This week, the British ambassador to the United States resigned after private cables leaked with his frank assessment of the White House and its occupant. Kim Darroch described the administration as “clumsy” and “inept,” and said that President Donald Trump “radiates insecurity.” In response, the president called Darroch “wacky,” a “very stupid guy,” and a “pompous fool.”
The episode is another in a long string of public feuds for Trump. But the departure of the ambassador from America’s closest ally is no small matter—and one that ripples far outside Washington. So, what consequences could this have for the country and the world? And how do diplomats deal with this president when, as a current ambassador told The New York Times, “it could have been any one of us”?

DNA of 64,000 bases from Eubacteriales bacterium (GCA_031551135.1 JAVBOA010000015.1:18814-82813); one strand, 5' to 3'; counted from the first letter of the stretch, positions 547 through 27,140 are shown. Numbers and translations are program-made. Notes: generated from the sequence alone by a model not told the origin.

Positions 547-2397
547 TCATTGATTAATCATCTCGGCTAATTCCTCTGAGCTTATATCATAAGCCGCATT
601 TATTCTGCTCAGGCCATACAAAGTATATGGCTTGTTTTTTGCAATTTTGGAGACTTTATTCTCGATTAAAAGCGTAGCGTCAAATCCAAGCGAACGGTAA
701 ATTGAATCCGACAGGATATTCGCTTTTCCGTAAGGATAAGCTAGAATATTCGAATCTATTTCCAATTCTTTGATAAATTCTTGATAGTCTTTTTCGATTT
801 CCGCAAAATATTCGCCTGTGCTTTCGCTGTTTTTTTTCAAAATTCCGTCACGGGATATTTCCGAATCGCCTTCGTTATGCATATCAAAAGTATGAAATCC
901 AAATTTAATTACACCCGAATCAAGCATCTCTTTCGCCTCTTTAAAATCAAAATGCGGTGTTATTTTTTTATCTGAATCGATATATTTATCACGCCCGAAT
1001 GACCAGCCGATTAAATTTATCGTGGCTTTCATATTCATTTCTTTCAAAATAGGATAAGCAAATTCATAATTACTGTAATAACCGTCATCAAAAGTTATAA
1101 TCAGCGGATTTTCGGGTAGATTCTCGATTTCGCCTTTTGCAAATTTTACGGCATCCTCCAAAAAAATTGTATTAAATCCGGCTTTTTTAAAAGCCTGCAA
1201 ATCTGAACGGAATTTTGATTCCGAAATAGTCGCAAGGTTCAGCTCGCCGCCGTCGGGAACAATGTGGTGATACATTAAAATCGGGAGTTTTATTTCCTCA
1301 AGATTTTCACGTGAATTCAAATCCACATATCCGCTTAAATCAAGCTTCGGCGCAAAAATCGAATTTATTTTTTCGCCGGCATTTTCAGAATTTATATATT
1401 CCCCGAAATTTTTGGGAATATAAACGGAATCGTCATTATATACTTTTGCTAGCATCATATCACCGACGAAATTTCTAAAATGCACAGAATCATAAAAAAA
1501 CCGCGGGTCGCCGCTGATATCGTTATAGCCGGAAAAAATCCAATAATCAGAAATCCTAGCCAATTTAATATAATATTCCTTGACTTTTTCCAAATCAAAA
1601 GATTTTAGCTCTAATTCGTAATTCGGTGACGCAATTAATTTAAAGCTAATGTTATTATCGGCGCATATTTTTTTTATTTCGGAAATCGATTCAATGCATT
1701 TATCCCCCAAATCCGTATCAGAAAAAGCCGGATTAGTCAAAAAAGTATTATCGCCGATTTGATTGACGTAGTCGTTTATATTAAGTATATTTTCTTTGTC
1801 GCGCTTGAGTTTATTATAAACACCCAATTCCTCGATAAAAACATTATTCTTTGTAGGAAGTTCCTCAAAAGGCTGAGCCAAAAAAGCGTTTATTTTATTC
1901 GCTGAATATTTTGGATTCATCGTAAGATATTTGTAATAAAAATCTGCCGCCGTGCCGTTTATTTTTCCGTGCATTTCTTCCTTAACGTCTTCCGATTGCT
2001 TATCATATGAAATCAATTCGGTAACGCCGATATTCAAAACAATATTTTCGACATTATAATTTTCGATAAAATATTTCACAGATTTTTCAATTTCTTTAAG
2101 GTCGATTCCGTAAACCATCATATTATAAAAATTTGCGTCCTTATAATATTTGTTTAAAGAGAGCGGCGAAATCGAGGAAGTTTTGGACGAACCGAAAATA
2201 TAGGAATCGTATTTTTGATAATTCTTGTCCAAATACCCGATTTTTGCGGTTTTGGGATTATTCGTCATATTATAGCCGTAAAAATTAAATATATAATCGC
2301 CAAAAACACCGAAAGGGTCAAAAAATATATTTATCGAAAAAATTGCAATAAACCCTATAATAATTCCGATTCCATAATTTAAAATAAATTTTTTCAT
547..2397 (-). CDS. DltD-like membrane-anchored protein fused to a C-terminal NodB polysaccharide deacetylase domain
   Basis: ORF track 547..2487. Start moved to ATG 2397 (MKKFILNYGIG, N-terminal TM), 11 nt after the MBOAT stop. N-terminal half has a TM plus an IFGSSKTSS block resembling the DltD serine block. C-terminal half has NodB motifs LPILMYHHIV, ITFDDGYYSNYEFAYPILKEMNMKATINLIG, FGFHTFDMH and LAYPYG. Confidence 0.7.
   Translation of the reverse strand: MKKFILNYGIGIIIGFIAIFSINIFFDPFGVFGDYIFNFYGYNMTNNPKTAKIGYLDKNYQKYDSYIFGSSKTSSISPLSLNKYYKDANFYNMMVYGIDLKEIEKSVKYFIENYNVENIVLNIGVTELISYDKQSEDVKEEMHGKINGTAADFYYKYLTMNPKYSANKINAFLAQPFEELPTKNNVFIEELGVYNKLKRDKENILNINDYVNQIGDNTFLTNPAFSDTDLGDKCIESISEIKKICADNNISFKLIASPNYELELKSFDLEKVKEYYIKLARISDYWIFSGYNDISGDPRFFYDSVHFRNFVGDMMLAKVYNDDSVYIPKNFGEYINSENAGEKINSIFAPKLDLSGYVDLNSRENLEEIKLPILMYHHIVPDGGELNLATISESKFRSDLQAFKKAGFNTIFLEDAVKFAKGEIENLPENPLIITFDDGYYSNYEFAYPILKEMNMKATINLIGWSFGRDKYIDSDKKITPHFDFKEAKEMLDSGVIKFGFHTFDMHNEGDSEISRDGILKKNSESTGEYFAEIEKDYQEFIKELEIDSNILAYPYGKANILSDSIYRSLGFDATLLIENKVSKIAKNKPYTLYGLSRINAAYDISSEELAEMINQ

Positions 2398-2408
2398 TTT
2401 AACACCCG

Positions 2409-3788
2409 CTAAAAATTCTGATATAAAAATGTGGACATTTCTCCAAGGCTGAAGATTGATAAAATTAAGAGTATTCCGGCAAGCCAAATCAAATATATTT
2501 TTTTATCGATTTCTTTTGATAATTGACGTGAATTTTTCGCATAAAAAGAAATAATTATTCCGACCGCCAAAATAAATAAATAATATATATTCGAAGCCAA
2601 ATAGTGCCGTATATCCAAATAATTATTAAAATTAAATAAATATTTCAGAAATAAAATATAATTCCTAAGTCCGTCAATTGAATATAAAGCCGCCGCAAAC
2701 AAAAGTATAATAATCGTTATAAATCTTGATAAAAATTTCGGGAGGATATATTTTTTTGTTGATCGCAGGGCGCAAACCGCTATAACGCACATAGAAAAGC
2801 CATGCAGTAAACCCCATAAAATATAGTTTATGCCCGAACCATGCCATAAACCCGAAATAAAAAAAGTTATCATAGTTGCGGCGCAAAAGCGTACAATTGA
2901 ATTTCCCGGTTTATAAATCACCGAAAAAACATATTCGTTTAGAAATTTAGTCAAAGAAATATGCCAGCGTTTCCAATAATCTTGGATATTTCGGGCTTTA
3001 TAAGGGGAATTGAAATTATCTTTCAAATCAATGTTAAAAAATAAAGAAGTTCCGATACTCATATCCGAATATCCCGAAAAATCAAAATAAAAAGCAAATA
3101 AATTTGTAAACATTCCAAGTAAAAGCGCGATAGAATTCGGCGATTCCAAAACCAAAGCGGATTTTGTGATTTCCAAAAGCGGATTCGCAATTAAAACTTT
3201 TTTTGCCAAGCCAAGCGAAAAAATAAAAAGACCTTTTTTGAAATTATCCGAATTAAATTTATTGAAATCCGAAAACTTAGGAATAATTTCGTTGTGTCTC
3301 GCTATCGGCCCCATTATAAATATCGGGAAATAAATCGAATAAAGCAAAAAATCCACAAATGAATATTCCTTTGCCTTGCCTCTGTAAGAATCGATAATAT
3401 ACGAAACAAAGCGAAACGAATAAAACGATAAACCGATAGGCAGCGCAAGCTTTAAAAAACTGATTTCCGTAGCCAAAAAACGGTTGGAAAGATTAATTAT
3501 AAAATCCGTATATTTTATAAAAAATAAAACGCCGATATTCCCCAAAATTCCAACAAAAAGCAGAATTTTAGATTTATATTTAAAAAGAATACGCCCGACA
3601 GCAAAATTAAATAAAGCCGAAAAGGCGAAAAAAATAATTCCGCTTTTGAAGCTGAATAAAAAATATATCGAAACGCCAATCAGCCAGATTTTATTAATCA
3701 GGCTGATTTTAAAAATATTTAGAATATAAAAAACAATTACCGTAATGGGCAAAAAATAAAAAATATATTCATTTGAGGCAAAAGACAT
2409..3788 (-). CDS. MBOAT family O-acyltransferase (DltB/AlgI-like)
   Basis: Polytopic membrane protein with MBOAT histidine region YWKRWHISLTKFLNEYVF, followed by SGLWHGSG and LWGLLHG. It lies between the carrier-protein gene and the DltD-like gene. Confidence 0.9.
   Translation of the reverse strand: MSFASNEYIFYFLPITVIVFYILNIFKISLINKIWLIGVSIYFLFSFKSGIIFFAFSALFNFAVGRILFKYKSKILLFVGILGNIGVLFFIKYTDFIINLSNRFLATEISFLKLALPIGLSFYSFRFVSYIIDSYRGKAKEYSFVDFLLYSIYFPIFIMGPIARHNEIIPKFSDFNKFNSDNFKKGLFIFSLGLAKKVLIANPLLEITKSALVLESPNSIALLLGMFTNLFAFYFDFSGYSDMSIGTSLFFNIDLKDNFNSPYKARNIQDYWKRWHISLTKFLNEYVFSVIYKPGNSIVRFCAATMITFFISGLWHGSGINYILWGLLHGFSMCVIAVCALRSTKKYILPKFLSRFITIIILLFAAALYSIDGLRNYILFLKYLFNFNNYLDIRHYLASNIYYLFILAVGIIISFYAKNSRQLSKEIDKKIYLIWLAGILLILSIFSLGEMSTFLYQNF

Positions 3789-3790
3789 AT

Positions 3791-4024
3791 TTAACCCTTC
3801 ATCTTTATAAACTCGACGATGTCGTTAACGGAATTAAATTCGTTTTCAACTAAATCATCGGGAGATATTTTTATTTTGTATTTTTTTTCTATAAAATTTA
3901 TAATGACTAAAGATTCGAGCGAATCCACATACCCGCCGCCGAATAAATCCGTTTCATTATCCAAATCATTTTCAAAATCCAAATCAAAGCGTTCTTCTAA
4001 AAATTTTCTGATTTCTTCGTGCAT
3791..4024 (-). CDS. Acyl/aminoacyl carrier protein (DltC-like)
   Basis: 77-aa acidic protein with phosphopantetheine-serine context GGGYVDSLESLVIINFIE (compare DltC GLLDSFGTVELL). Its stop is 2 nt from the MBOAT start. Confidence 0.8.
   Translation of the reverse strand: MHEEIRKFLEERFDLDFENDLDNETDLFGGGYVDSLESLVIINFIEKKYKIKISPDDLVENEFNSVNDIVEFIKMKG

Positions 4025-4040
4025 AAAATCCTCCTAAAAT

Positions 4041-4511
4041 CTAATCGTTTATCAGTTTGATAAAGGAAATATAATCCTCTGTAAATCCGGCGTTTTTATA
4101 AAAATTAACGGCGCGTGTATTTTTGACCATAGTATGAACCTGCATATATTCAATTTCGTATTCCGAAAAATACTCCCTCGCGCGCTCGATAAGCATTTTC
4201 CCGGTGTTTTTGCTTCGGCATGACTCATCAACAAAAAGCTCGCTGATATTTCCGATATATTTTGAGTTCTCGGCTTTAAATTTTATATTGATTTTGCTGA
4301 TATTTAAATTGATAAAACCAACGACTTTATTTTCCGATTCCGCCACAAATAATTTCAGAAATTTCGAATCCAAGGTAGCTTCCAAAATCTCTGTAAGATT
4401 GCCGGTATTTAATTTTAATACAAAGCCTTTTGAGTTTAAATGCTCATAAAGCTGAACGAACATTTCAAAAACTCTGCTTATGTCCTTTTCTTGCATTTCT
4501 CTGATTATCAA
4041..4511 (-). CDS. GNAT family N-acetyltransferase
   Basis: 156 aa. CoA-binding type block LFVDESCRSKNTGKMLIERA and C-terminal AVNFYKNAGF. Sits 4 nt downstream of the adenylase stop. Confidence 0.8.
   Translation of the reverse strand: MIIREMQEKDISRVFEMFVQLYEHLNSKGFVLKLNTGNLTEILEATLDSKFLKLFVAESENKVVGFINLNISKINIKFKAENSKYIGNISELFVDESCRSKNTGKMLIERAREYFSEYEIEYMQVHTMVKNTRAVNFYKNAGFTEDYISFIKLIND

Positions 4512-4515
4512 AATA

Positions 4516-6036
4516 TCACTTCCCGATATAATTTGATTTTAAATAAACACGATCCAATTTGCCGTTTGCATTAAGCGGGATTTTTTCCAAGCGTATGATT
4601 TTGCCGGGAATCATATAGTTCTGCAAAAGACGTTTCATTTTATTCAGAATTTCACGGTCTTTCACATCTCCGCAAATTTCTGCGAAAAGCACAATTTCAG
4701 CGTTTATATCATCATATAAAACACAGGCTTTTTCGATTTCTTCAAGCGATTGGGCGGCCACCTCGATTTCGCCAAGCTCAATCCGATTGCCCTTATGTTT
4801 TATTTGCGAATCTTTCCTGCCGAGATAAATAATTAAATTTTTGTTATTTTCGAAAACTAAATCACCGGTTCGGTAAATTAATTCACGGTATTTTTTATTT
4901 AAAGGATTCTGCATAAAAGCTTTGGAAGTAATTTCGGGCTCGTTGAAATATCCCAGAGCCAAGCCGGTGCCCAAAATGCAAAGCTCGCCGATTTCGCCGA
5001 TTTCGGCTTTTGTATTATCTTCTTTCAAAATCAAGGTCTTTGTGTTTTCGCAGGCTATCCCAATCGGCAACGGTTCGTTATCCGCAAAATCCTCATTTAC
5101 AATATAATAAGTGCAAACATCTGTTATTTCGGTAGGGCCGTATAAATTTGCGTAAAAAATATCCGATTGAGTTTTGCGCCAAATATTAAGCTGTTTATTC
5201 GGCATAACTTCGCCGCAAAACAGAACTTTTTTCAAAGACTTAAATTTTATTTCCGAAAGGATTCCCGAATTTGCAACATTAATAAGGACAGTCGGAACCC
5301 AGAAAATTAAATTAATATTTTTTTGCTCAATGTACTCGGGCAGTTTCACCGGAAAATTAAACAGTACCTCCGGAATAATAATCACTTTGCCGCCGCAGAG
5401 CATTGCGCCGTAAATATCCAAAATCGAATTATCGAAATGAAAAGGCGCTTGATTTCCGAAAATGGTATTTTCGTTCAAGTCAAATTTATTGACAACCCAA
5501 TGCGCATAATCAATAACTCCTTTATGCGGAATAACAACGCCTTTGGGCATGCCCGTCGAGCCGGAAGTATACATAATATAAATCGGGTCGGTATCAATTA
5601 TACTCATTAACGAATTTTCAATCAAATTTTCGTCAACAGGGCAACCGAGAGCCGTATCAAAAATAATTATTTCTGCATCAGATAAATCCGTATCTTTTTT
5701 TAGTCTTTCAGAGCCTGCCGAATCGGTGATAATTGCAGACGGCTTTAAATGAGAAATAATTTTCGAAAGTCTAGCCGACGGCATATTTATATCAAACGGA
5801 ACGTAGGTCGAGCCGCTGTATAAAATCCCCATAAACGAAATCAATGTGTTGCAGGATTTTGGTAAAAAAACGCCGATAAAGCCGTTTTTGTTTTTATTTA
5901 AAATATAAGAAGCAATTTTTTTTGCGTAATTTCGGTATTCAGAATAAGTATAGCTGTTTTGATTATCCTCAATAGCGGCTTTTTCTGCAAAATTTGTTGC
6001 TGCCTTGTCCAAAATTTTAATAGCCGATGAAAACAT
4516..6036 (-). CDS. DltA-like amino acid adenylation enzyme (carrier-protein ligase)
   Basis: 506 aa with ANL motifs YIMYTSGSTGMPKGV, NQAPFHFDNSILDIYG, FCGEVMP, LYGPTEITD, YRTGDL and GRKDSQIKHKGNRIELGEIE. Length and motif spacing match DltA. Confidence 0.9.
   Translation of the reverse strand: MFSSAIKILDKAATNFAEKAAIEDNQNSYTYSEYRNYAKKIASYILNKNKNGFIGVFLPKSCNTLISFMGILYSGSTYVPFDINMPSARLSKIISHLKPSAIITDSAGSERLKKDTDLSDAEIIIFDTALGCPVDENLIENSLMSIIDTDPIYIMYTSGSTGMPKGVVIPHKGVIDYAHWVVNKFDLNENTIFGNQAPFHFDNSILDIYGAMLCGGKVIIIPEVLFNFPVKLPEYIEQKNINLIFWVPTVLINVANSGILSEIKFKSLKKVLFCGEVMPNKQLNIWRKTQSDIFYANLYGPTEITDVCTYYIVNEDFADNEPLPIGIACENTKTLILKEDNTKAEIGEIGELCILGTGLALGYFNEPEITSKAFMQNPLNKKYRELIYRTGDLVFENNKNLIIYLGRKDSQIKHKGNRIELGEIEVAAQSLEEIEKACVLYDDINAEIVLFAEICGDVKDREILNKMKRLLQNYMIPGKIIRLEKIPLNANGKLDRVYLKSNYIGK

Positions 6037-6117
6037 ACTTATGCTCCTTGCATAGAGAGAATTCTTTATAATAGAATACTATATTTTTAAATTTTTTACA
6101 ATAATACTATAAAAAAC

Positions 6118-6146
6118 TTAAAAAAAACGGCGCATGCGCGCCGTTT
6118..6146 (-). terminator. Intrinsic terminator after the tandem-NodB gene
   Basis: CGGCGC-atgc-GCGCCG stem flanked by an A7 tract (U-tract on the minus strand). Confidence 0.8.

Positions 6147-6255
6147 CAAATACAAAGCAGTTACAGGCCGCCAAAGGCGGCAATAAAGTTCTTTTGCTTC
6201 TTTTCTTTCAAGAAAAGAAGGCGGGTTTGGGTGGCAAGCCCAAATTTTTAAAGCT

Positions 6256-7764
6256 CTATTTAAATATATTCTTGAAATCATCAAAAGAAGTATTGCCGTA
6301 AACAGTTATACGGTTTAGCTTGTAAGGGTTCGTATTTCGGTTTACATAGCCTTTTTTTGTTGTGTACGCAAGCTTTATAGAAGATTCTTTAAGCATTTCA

To discuss, Edward-Isaac Dovere is joined by Thomas Pickering, a career ambassador for the United States whose seven ambassadorships span decades of Republican and Democratic administrations.
Pickering’s view that Darroch was “scalped … knifed in the back”
Why the former ambassador thinks the episode is a bigger deal abroad than in the United States
And his contention that the more the White House relies on conflict to pursue its goals in the world, the more other nations will regard the United States as being on a “bankrupt path”
Edward-Isaac Dovere (@IsaacDovere)
Former U.S. Ambassador Thomas Pickering
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